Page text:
Computer Fraud Laws Are Flawed, This Lawyer Fights Against Them

Computer Fraud Laws Are Flawed, This Lawyer Fights Against Them

In the 21st century, we’re fighting a war over control of information. Hackers of the resistance. I’m Tor Ekeland, and I represent
hackers in federal criminal court. Tor Ekeland is a New York based
defense attorney who heads his own law firm, a firm with a nationally recognized
computer law, intellectual property, and criminal defense practice. One of Ekeland’s most prominent
cases involves hacktivist Lauri love. And it has covered in the new
documentary “Trust Machine,” directed by award winning
filmmaker Alex Winter. Why’d I take it? Because I thought it was right. I wanted to defend him because I thought that that type of
political protests is important. Lauri Love was an international
fugitive and British hacker accused of taking
part in Operation Last Resort, which ultimately replaced the front page of the U.S. Sentencing Guidelines website with the game of asteroids. For this offense, along with allegedly stealing large
amounts of U.S. data, American authorities wanted Love to
stand trial in the U.S. for cyber hacking, where if found guilty he faced up to 99 years of imprisonment and nine million dollars in fines. He was engaged allegedly in a political protest against the prosecution that led to the suicide of Aaron Swartz, one of our computer innovators. Swartz was accused of downloading
over 4 million documents from a database of
academic journals that had been frequently
criticized for its high access fees. Rather than chance that 35 years in
jail and the one million dollar fine he
faced if proven guilty, he committed suicide. I thought that the Aaron Swartz
prosecution was draconian, was misguided, and it led to a young man’s death. Fundamentally if our system is such that it’s supposed to be
much harder to get a criminal conviction because
your liberty is at stake. We need to ask ourselves why we have a computer crime statute
that is actually easier to get criminal
convictions in than civil convictions in because it’s happening. Enacted in 1984, the Computer Fraud and Abuse Act, a cybersecurity bill, was written as an amendment to the
computer fraud law. It was first used in 1989, three years after its creation, to sentence a Cornell graduate to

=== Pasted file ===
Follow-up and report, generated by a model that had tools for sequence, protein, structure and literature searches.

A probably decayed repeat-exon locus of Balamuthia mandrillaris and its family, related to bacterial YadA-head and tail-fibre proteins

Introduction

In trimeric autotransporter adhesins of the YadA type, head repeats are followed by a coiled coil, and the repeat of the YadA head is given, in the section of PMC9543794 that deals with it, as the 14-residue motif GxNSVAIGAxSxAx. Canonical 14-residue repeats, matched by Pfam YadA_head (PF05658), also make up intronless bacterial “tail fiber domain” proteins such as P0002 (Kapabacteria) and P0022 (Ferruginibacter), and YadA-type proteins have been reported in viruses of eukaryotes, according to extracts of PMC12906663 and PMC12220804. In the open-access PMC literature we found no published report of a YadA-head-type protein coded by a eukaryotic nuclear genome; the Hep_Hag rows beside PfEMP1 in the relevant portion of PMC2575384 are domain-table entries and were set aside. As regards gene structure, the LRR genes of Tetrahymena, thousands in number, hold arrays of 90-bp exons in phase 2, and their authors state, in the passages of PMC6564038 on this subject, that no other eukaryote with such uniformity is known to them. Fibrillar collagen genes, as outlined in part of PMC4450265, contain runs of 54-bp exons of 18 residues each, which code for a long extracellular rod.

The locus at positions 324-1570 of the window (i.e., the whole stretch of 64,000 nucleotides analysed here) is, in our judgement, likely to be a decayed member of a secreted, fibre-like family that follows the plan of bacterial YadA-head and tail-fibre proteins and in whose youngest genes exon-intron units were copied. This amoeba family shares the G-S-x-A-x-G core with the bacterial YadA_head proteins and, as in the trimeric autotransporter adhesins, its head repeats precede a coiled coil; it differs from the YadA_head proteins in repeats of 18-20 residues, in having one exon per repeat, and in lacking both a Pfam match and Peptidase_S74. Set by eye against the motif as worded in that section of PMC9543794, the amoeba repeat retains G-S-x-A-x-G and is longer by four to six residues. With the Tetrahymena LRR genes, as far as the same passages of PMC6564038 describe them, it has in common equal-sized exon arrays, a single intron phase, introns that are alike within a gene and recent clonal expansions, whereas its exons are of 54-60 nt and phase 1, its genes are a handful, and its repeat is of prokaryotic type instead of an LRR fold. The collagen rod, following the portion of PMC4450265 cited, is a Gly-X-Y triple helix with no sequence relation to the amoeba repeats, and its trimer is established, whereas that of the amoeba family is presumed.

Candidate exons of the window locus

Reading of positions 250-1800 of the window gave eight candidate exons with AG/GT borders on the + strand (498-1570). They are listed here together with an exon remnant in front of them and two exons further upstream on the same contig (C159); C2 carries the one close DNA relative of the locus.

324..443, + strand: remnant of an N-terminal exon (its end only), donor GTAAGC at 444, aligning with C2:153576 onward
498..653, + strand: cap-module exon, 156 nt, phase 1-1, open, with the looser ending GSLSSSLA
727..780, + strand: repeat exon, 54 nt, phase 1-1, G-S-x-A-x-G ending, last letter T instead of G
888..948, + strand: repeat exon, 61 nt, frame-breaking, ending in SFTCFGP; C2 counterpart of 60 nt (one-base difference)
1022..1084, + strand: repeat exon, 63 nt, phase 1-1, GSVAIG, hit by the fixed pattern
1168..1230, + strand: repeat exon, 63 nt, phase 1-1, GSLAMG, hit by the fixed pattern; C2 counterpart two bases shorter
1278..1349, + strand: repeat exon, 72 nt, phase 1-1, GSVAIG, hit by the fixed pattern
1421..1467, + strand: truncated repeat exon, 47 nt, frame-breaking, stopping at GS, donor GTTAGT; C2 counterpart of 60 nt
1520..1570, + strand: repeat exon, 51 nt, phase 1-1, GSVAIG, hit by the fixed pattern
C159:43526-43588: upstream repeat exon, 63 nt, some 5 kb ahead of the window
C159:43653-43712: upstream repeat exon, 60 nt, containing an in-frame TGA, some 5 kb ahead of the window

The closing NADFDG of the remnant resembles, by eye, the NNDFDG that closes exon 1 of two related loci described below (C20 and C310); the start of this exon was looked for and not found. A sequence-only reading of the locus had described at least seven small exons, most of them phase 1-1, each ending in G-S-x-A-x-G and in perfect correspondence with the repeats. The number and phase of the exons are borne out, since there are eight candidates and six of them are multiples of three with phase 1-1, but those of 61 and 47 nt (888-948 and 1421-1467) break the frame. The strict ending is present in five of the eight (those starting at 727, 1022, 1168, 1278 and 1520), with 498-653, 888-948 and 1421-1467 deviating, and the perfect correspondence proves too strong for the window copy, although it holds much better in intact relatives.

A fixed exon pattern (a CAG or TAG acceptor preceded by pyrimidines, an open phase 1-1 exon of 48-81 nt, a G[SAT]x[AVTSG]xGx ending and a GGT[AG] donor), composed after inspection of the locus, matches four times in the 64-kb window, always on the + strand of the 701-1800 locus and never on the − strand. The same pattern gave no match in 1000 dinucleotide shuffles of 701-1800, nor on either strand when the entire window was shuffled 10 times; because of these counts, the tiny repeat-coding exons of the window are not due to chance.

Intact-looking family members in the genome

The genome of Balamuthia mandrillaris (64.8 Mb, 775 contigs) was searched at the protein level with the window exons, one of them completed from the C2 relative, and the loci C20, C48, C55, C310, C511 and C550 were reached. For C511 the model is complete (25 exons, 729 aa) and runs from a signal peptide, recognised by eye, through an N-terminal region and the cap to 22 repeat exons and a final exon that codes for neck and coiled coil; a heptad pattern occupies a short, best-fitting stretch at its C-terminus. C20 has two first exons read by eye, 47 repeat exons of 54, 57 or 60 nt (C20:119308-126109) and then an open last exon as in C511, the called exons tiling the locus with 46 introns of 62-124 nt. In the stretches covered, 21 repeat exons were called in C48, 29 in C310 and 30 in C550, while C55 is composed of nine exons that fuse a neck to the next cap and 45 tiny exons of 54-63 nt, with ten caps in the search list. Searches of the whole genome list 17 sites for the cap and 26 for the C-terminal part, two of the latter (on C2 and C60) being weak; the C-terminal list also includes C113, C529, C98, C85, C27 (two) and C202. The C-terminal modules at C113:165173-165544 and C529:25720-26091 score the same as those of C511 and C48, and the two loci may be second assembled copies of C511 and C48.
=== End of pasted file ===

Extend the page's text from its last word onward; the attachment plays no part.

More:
three years probation for creating the Morris
worm, a virus that would make a computer
dysfunctional. The Computer Fraud and Abuse Act
prohibits ywo things primarily – unauthorized access to a computer or unauthorized damage to a
computer. The problem with the C.F.A.A. and why it’s been called the worst
law in technology is because it doesn’t define what unauthorized access is. What’s happened is the C.F.A.A now is… it’s too easy of a tool to bring multiple felony convictions with like heavy heavy sentences and fines against innocent people or people sort of doing routine information
security, for teenagers doing.. hackers. Then you get juries and judges that
don’t know anything about computers and prosecutors have an incentive to
get a hacking conviction because hacking
convictions are sexy, and it’s just a recipe for disaster. Some things need to be punished. I’m not saying we don’t need a
computer crime statute. I’m saying this one’s horribly written, and what we need to do with this law is we need to
circumscribe and radically reduce the criminal liability under this
law. It’s I think actually hurting the computer economy because it’s
chilling information security researchers
from doing important work. The C.F.A.A. was a major player in the prosecution of Lauri Love, and the full story of Ekeland’s
defense is presented and available in the documentary
“Trust Machine.”

One thought to “Computer Fraud Laws Are Flawed, This Lawyer Fights Against Them”

  1. Tor Ekeland speaks way too fast. Had to pause a lot to hear what he's saying. People these days love to speak faster than at a moderate speed. Surely, he does speak at a moderate speed in the middle of the video, but sometimes he speaks too fast. Maybe it's because of the music.

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